While the Atlantic storm season have been getting worse for builders and home owners over the last few years, this year offers a brief reprieve thanks to the El Niño effect which offers strong wind and shear which makes it difficult for hurricanes to form. Predictions from the US National Oceanic and Atmospheric Association put the number of tropical storms at between 8 and 13 with 6 expected to develop into hurricanes.
As summer temperatures rise, homeowners will be closing up their homes and turning on the AC. But for some, that could mean subjecting home occupants to poor indoor air quality. Studies by the EPA show that the indoor air quality in homes can be two to five times worse than outside air, even if you live in the city. One unlikely candidate for causing poor indoor air quality is ducting design.
As the construction industry rebounds, construction companies are faced with increasingly problematic labor shortages that have caused delays of up to 30 days on new home builds. During the downturn, many construction professionals moved to other industries to find work which accounts for the current shortages experienced in both the building material manufacturing and construction industries. As construction slowed during the recession, the number of workers decreased from its 2006 high of 3.45 million workers to just under 2 million by March 2011.
Woodstoves have always provoked spirited debate, mostly over safety and emissions. One of the biggest objections from the EPA is the pollution which has been linked to a number of serious health risks. Now the EPA has announced new rules which govern woodstoves in an effort to mitigate some the pollution caused by our winter heating needs.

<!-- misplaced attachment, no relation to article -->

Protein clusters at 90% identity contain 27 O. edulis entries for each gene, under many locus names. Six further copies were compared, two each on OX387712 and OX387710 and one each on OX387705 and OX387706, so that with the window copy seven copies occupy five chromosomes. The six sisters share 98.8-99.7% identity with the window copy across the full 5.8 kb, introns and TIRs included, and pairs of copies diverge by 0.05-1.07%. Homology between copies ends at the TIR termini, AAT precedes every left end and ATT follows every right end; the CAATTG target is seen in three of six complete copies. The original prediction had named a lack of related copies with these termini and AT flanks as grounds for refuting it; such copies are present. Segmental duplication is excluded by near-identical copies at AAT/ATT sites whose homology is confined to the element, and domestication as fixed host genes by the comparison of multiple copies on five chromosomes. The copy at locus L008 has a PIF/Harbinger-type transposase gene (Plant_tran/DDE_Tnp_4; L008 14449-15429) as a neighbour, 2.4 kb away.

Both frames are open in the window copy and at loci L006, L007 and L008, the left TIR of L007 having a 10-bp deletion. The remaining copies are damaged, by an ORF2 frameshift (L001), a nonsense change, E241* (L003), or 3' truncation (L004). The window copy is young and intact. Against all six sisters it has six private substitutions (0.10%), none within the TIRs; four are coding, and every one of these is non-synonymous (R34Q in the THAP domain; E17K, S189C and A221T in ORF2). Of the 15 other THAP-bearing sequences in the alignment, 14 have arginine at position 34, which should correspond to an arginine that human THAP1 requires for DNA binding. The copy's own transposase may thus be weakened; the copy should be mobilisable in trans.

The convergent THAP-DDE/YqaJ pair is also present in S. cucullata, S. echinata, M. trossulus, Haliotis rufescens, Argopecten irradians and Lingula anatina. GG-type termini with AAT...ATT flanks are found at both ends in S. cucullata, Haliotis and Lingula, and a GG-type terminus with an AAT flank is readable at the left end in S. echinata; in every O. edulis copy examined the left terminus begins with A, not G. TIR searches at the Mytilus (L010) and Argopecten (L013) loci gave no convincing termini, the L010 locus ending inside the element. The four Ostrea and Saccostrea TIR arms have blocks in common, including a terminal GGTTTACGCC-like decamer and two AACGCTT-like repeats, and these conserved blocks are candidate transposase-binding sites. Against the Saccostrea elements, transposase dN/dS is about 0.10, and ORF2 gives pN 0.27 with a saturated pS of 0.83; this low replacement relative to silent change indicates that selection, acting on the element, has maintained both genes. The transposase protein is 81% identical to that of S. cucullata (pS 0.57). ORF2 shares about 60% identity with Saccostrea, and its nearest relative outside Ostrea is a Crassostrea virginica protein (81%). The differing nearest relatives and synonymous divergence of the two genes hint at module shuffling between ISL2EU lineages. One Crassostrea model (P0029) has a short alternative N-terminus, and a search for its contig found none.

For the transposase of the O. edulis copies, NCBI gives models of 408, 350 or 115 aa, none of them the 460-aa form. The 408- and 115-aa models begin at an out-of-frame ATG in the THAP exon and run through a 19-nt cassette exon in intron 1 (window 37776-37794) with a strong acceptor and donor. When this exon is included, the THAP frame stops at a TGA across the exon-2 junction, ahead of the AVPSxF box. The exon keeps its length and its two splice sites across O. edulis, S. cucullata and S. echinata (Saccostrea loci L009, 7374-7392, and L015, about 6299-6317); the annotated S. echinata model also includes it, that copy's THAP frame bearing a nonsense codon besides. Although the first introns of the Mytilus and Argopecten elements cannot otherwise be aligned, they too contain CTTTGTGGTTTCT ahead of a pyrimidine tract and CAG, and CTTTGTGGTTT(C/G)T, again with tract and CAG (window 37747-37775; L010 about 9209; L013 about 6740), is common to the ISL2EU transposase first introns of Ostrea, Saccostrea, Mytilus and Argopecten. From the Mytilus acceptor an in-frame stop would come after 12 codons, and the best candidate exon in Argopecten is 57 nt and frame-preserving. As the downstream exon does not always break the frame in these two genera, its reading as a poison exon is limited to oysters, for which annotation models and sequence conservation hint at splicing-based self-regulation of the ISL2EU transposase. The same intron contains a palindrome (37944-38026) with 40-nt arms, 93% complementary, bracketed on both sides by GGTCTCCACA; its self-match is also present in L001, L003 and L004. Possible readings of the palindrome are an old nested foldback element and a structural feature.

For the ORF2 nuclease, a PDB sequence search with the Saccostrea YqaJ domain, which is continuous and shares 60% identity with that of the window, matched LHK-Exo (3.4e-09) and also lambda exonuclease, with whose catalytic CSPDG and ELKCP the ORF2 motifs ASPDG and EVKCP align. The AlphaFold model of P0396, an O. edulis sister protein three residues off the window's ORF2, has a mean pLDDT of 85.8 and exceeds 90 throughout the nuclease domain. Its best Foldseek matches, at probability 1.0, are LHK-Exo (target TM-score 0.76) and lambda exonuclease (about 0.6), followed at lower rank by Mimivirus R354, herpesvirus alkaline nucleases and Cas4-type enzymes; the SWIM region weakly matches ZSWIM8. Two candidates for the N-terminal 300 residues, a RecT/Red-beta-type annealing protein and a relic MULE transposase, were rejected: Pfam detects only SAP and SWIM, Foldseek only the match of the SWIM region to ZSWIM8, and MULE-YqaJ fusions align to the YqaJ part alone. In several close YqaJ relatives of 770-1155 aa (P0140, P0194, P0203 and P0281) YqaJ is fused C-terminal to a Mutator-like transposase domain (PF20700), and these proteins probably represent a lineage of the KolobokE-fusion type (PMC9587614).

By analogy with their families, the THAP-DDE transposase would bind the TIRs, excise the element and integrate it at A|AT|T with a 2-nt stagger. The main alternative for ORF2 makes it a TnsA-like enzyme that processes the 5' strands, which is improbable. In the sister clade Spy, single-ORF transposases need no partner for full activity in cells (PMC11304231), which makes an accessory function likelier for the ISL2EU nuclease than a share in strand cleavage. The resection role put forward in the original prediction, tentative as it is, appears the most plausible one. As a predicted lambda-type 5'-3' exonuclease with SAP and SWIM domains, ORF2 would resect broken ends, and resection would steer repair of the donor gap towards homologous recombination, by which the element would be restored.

Common mistakes in installing engineered wood can create expensive problems and callbacks like telegraphing in roof shingles and flooring and squeaky or bouncy floors. Wall sheathing isn’t immune to these mistakes either and walls that rattle during strong winds or let moisture in and conditioned air out are caused by a lack of attention to details such as fastening during framing.
While home builders are interested in green features, they may be unsure of those that give them the most bang for their energy-saving buck. If you are selling homes with energy-saving features that buyers don’t understand, you are missing a valuable opportunity.
The construction industry is competitive and in order to get ahead, you must consistently deliver quality in the shortest amount of time and at the lowest possible cost. Your most important asset is your team, but many managers have difficulty finding the right people. If you are experiencing a high employee turnover or have trouble finding the right employees, there are ways in which to create a culture of teamwork and support that cultivate a good work ethic
David Sukonick is one of the leading designers and builders of wooden floors for performers with over 300 professional dance floors under his belt. David has undertaken many unique designs and specializes in the sprung sub floor. Says David of his unusual choice in construction design: “It is definitely an unusual field and to my knowledge I may be the only person that specializes solely in the design and installation of custom dance floors.”
When the builder came to us with complaints of telegraphing through his roof shingles they assumed it was edge swell and the fault lay with the roof sheathing. Most often, swollen edges and buckling panels are caused by common installation mistakes.
Many homeowners and home buyers are looking to home rating systems to ensure that their homes reach energy-efficiency targets and to potentially qualify for government rebates. Builders also support home rating systems as they provide a valuable selling point for prospective homeowners. One of these rating systems is the increasingly popular HERS index which has just been adopted as part of the 2015 International Energy Conservation Code (IECC).